In a solid win for employers, the U.S. Supreme Court last month ruled that the Americans with Disabilities Act (ADA) doesn't entitle employees to jobs that might endanger their health, even if they want to take the risk.
The 9-0 decision effectively ends employer fears of being forced to hire or keep an employee who puts his own health in jeopardy, and then being sued for deliberately endangering that worker. As one lawyer told the Wall Street Journal, the decision helps companies "avoid being complicit in a suicide attempt."
The ruling continues the Supreme Court's narrowing of the ADA: In six cases involving worker rights under the law, employers have won each time.
The case involved oil refinery worker Mario Echazabal, who was rejected for a permanent job with Chevron after the company learned he had chronic hepatitis. Chevron said the job's chemical exposures would likely make Echazabal's condition worse and perhaps prove fatal. Echazabal sued, saying he alone should be able to decide whether to take the risk. He won in a lower court, but the high court disagreed.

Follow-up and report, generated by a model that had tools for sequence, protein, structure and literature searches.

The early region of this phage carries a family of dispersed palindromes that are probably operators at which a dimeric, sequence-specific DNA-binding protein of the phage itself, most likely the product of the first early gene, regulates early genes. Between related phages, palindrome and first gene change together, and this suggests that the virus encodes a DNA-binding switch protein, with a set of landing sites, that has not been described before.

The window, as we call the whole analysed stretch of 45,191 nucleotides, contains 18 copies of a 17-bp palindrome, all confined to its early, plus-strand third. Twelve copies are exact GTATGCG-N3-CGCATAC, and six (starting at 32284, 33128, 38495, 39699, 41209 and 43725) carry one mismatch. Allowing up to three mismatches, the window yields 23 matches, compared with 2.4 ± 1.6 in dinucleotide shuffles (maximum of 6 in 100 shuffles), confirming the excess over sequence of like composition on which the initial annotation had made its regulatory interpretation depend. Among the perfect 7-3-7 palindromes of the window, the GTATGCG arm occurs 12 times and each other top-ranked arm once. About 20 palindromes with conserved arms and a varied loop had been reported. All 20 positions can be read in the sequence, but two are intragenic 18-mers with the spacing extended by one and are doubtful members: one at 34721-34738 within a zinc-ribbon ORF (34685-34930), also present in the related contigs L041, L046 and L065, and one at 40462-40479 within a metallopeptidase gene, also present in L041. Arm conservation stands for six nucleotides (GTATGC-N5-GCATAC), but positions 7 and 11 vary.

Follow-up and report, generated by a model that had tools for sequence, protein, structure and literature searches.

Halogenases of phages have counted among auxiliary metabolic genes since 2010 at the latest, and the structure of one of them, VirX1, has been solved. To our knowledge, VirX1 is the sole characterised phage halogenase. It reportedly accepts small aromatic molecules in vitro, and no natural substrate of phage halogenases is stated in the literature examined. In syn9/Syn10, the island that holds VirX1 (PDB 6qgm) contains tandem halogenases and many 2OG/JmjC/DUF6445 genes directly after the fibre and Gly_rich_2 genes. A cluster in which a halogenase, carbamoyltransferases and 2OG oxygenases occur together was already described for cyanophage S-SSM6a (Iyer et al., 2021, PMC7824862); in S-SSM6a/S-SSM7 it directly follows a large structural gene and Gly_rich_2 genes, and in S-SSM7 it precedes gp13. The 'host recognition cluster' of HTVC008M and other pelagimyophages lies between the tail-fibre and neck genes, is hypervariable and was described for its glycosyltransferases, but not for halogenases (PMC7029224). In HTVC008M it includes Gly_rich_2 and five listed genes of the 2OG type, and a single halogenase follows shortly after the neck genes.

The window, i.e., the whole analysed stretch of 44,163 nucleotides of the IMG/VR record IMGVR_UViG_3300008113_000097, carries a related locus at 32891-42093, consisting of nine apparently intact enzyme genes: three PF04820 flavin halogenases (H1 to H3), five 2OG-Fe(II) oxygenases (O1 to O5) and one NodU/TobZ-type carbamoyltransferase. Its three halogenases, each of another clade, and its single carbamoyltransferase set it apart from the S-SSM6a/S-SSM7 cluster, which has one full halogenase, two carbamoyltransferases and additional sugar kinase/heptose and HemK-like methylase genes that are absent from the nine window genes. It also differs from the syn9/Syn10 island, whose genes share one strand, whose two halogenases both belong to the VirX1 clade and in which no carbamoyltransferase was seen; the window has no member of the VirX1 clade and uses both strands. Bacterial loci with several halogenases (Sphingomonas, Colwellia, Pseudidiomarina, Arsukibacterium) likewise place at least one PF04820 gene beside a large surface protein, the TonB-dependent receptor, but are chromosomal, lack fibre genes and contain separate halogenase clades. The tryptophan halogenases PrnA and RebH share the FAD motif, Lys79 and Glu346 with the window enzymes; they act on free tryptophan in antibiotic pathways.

It's always been clear that you could deny a job if a person's medical condition posed a threat to co-workers or customers. But the Equal Employment Opportunity Commission (EEOC) also said the ADA lets employers refuse to hire disabled workers if they pose a direct threat to themselves. The high court said the EEOC's interpretation was right. (Chevron USA Inc. v. Echazabal, No. 01-1406)
Advice: This ruling lets you use the "direct threat to self" defense to block a disabled person who applies for a job that threatens his own safety. But it doesn't give you carte blanche to claim unilaterally that a disabled employee can't perform a job for health reasons.
Each person's condition and job still must be judged on a case-by-case basis. Rely on the latest medical guidelines and medial advice to determine the likelihood of personal injury risked in a job.
- How to Fire an Employee the Legal Way: 6 Termination Guidelines
- Rejecting candidates, then leaving positions unfilled can trigger discrimination claims
- Wal-Mart settles drivers' race bias suit for $17.5 million
- DOL sues to reinstate L.A. union whistle-blower
- No requirement to break up love triangles--but be prepared for workplace violence